Tom Bodin, a Practice Integration Advisor with Buckingham Strategic Wealth, works with dentists to help them achieve financial freedom through a comprehensive approach to wealth management.
Recently, we tackled year-end tax planning considerations and unpacked some widely held federal income tax myths. Today, I’m going to step back into a broader perspective and encourage you to assess your professional services team, particularly the role of your accountant. As a dental practice owner, you are the CEO of your business. As practice-integrated wealth advisors who focus on dentists as business owners, we or a similar type of financial planner might fill the role of your CFO. The other executive-level professionals you should have on your side are your general counsel (a good attorney) and your controller (a competent accountant).
Over time, we have worked with many accountants to implement our clients’ practice-integrated financial plans. In most cases, the accountant has been a great advocate for the client and a wonderful professional partner. Keep in mind, though, that accountants are not, by definition, tax planners. While some do fulfill this role, the service you hire an accountant for is reactive. Specifically, you hire an accountant to account for what has happened, in the form of tax preparation and filing.
I once knew a family of orthodontists, three doctors spanning three generations. They ran an immensely successful practice with three separate locations. However, these dentists tended to take far more than necessary in W-2 income, their single S-Corp structure limited their financial flexibility, and their cash flow was solid enough to support adding a defined benefit pension plan. In total, between decreasing FICA tax, increasing tax deferral opportunities, and providing more equitable distribution via a multi-S-Corp structure, they found they could save $200,000 a year in taxes. Implementing these solutions required partnering with an accountant, so we reached out to theirs with a detailed plan and next steps. Months passed with no reply to repeated follow-ups, even though the doctors were eager to begin. When he did finally respond, the accountant bemoaned the future work he would have to do and the additional tax preparation that would be involved. He expressed doubt about the practice’s ability to navigate a more complex structure. His laziness essentially cost these dentists significant money.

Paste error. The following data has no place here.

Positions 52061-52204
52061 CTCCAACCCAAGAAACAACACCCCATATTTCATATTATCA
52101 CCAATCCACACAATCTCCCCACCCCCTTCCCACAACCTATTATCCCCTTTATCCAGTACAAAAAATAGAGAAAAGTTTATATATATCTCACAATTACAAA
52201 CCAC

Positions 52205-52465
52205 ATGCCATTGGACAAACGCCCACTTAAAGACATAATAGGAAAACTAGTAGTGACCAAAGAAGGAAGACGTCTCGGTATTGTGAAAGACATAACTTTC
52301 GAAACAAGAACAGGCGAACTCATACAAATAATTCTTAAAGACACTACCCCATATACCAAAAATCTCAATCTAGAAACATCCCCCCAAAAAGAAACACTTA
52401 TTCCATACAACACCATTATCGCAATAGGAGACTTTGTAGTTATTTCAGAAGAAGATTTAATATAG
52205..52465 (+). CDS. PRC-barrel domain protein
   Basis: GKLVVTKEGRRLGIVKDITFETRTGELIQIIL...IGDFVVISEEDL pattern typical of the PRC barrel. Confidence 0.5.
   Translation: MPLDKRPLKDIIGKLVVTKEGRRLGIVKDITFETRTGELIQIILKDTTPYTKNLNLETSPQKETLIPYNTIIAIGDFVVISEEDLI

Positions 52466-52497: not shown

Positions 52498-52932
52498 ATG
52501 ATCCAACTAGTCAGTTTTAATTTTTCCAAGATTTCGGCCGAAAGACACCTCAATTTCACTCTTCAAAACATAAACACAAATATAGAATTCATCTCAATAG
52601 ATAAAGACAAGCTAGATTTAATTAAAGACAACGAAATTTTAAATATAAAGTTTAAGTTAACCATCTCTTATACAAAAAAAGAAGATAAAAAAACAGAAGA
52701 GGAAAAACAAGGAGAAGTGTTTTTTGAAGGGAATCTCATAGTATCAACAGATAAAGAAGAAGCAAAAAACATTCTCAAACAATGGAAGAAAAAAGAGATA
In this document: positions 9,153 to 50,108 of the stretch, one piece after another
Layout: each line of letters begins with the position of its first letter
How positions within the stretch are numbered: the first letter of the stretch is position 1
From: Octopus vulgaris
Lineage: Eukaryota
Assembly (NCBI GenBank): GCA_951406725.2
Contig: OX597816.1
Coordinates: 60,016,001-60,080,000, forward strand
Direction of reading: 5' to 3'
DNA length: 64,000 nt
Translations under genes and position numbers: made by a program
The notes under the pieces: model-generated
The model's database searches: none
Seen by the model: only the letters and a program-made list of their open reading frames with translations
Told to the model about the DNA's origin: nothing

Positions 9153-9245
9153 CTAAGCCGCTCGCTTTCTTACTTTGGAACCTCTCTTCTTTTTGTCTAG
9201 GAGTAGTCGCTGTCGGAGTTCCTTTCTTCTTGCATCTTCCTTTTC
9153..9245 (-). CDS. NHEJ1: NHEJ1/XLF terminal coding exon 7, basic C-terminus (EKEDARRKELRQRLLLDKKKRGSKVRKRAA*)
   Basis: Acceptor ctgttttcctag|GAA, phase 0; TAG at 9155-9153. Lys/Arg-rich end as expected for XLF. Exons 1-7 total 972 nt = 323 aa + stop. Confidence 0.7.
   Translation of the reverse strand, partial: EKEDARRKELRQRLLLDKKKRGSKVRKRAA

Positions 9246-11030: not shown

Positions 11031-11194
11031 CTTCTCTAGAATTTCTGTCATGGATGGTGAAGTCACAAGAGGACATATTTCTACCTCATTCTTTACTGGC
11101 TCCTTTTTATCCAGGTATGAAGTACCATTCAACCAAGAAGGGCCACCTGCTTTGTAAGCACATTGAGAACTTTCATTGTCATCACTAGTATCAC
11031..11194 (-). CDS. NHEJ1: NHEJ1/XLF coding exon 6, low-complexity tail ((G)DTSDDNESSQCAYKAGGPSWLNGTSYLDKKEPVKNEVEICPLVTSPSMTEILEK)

While our dentists’ experience may be relatively rare, it does offer a lesson. To that end, the following are some signs you should look for to determine whether your accountant is doing a good job.
Your accountant answers your questions directly. Often, highly productive dentists have higher case acceptance rates due to their ability to explain, in plain language, the procedures they believe are necessary and how they will tie into the patient’s desired outcome. Your accountant should be equally as adept at cutting through the jargon when responding to your questions.
Your accountant understands your tolerance for accounting risk. Some accountants are very aggressive and put clients’ tax outcomes at risk by going beyond the grey. Other accountants are very conservative and don’t seek to maximize clients’ deductions through an abundance of caution. As a business owner, you often have more tax scenarios in the grey area of tax law than a traditional taxpayer. Your accountant should understand your tolerance for risk and advise accordingly.
Your accountant explains your financial statements adequately. If your accountant also provides your bookkeeping services, they should have a deep understanding of your chart of accounts and financial statement compilation. If your accountant cannot explain your financial statements to you, you likely should be suspect of their bookkeeping work.
Your accountant returns calls in a timely fashion. Give all accountants a little slack on April 14; you’re not the only one submitting records too close to deadline! But, if it’s outside the busy tax seasons (with their April 15 and Oct. 15 deadlines) and it takes multiple calls to reach your accountant or they regularly don’t return your calls, they likely are not invested in your tax outcomes.
Your accountant plays well with others. You are the CEO of your small business, and your accountant should be a member of your overall professional services team. Dentists who have professional services teams that are willing to engage and coordinate with each other will enjoy the benefits of thought-out solutions and spending less time playing messenger. If your accountant is unwilling to listen to and engage the other members of your professional services team, you may not receive the optimal financial outcome.
A good accountant is a partner in your financial goals and role as a business owner. A bonus to these qualities is an accountant who has a deep understanding of the dental market. If you’re looking for an accountant, the Academy of Dental CPAs is a great resource. Also, seek referrals from colleagues. And, like you would with any position on your practice’s team, interview several and ensure a good fit. Our Practice Integration Advisors are also available to assist you in this search based on your needs and location.